Mid-December through April
Estes Park, CO, is a five-minute drive from the park’s entrance
Get ready for epic backcountry terrain in Colorado’s Front Range
Colorado boasts big terrain and sky-scraping mountains, and Rocky Mountain National Park is no exception. Longs Peak sits at 14,258 feet and there are 18 other mountains within the park that top out at 13,000+ feet. Estes Park, which sits conveniently minutes from RMNP’s eastern border, is the perfect starting point for an epic ski tour within Rocky’s boundaries. Get your skis primed and your avi gear ready for your big day in the backcountry.
This adventure is operated by The Mountain Guides.
RMNP's most popular backcountry skiing adventures
Rocky Mountain Backcountry Skiing
This is the perfect chance to dive into Colorado’s revered backcountry, but without a lift ticket or back-to-back traffic along the usual routes. While RMNP’s terrain is vast, there’s no better way to challenge yourself with new objectives than by touring with a guide. Hidden Valley can be a great warm-up for more challenging terrain at Tyndall Gorge or The Dream Chutes. Count on a full day of touring and 2,000-5,000 vertical feet.
Rocky Mountain Ski Mountaineering
Plan on a big day with anywhere from 3,500-6,500 feet in elevation gain as you ski some of Rocky’s more challenging, world-famous terrain. Depending on the conditions, Dead Elk or Dragon’s Tail are two classics that deliver big payoffs. Count on an early start and a long 7-9 hour day as you take on some of RMNP’s bucket list classics.
Things you need to know
When is the best time to go?
The backcountry skiing season truly gets underway from mid-December through late April. The road that services the majority of the park, Trail Ridge Road, officially closes October 23rd through spring — depending on the snowfall. Intrepid skiers find they can almost ski year-round in the park if the weather cooperates.
How fit do I need to be for this adventure?
Given Rocky Mountain National Park’s elevation and the ruggedness of its terrain, all backcountry skiers should be in excellent physical condition. All skiers should be confident on black level resort runs and be able to skin while wearing a pack.
Is there a minimum age requirement?
Depending on the guiding service, some allow guests as young as 10, while others require parental accompaniment if younger than 18. Ask your adventure expert.
Group sizes and pricing
Depending on the guiding service you tour with, group sizes are relatively small with no more than a 1:4 guide-to-client ratio. Pricing is done per participant and fees usually decrease when more people are in the group.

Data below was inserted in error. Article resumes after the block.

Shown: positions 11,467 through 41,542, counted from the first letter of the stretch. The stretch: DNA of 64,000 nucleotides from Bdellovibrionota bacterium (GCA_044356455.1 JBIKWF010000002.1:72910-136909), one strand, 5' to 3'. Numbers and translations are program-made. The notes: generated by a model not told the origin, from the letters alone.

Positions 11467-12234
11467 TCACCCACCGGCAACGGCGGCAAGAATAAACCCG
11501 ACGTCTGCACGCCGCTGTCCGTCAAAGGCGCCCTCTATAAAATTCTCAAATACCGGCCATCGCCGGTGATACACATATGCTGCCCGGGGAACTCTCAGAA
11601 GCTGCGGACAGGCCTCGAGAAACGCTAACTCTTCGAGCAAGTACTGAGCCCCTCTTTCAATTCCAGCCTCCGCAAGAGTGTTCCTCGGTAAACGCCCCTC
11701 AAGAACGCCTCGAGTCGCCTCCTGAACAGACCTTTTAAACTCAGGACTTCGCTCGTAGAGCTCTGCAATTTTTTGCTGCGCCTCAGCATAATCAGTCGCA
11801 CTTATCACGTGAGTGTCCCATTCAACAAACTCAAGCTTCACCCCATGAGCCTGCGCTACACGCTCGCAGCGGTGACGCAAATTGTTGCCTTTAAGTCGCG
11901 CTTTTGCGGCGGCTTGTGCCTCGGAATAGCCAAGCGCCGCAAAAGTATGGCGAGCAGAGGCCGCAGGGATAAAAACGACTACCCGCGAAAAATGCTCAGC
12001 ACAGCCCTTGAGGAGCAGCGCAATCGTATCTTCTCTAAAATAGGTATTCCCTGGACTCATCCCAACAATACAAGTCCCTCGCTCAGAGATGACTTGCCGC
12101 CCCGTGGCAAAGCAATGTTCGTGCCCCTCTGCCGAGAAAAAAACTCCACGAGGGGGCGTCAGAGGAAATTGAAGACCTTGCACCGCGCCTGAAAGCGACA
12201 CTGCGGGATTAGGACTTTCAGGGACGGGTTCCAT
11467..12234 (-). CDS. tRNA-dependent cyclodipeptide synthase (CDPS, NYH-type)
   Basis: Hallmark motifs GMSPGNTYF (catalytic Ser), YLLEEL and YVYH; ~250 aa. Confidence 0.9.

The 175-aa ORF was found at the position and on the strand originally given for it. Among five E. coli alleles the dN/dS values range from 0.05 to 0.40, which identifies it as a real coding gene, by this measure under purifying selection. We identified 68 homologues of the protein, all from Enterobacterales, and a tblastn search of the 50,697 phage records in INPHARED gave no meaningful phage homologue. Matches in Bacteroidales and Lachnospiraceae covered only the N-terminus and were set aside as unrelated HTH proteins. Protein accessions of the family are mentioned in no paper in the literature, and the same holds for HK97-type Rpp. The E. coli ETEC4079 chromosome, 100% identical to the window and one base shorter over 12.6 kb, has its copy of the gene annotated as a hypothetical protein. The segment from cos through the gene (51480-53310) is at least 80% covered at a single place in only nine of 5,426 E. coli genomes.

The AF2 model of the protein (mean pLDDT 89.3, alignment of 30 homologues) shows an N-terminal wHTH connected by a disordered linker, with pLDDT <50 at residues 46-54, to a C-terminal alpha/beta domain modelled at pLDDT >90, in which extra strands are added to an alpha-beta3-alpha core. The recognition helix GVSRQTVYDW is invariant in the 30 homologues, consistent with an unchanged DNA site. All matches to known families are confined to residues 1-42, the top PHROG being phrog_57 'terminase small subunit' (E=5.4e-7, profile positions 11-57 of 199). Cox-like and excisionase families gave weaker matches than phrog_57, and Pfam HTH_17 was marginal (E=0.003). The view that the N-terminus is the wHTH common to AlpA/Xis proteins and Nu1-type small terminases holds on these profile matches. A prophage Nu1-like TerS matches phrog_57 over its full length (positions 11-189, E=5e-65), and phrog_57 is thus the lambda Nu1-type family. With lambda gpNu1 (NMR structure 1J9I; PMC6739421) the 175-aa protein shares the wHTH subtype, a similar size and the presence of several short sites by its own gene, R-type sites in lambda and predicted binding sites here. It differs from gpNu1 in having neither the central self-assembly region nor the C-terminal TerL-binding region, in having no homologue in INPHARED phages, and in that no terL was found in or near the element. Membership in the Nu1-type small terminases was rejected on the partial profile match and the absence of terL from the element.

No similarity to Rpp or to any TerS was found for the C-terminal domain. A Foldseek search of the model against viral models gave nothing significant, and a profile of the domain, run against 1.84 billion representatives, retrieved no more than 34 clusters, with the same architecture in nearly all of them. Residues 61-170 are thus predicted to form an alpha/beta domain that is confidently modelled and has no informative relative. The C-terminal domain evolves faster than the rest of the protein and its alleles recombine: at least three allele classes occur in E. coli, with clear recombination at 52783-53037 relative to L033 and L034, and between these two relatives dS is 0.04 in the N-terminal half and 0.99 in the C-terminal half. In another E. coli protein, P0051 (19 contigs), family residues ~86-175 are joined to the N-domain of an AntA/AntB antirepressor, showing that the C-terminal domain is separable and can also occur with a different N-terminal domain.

What about bad weather?
Inclement weather can often lead to unstable terrain and conditions in the backcountry. Because of this, your guide will decide on what objectives are most suitable and what areas are safe for adventuring on a given day. Avalanche danger is very real and must be respected whenever venturing out for a tour.
Do I need a permit?
If you want to camp in Rocky Mountain National Park, a $30 permit is required from May 1st through October 31st. For non-camping visitors, the park offers a Day Pass that costs $25. A seven-day vehicle pass is $35, and a seven-day motorcycle pass is $30. An annual pass for the park is $70.
Estes Park sits just to the east of the park’s entrance and is often the meeting location of choice for any backcountry endeavors. Denver is 1.5 hours by car; Boulder, CO, is just under an hour’s drive.
Guides we recommend
The Mountain Guides
Shred chutes, bowls, couloirs and an abandoned resort
Another draw for heading into the backcountry in Rocky isn’t just its terrain. Hidden Valley (formerly known as Ski Estes Park) used to be a local ski resort until it was acquired by the National Park Service in 1991. Since the Park Service dismantled the chairlifts and closed its doors, the area has thrived as a naturally reclaimed backcountry skiing destination, making it a must-ski area each season.
After Hidden Valley, make sure to ski RMNP’s other classics
While Hidden Valley offers a great taste of Rocky’s more forgiving terrain, what makes intrepid backcountry skiers return each season are locations like the south face of Tyndall Gorge, Flattop Glades, Banana Bowl, Dragon’s Tail, and Banana Bowl. Each of these runs epitomizes Rocky’s appeal: epic terrain that always rewards, especially for committed backcountry adventurers.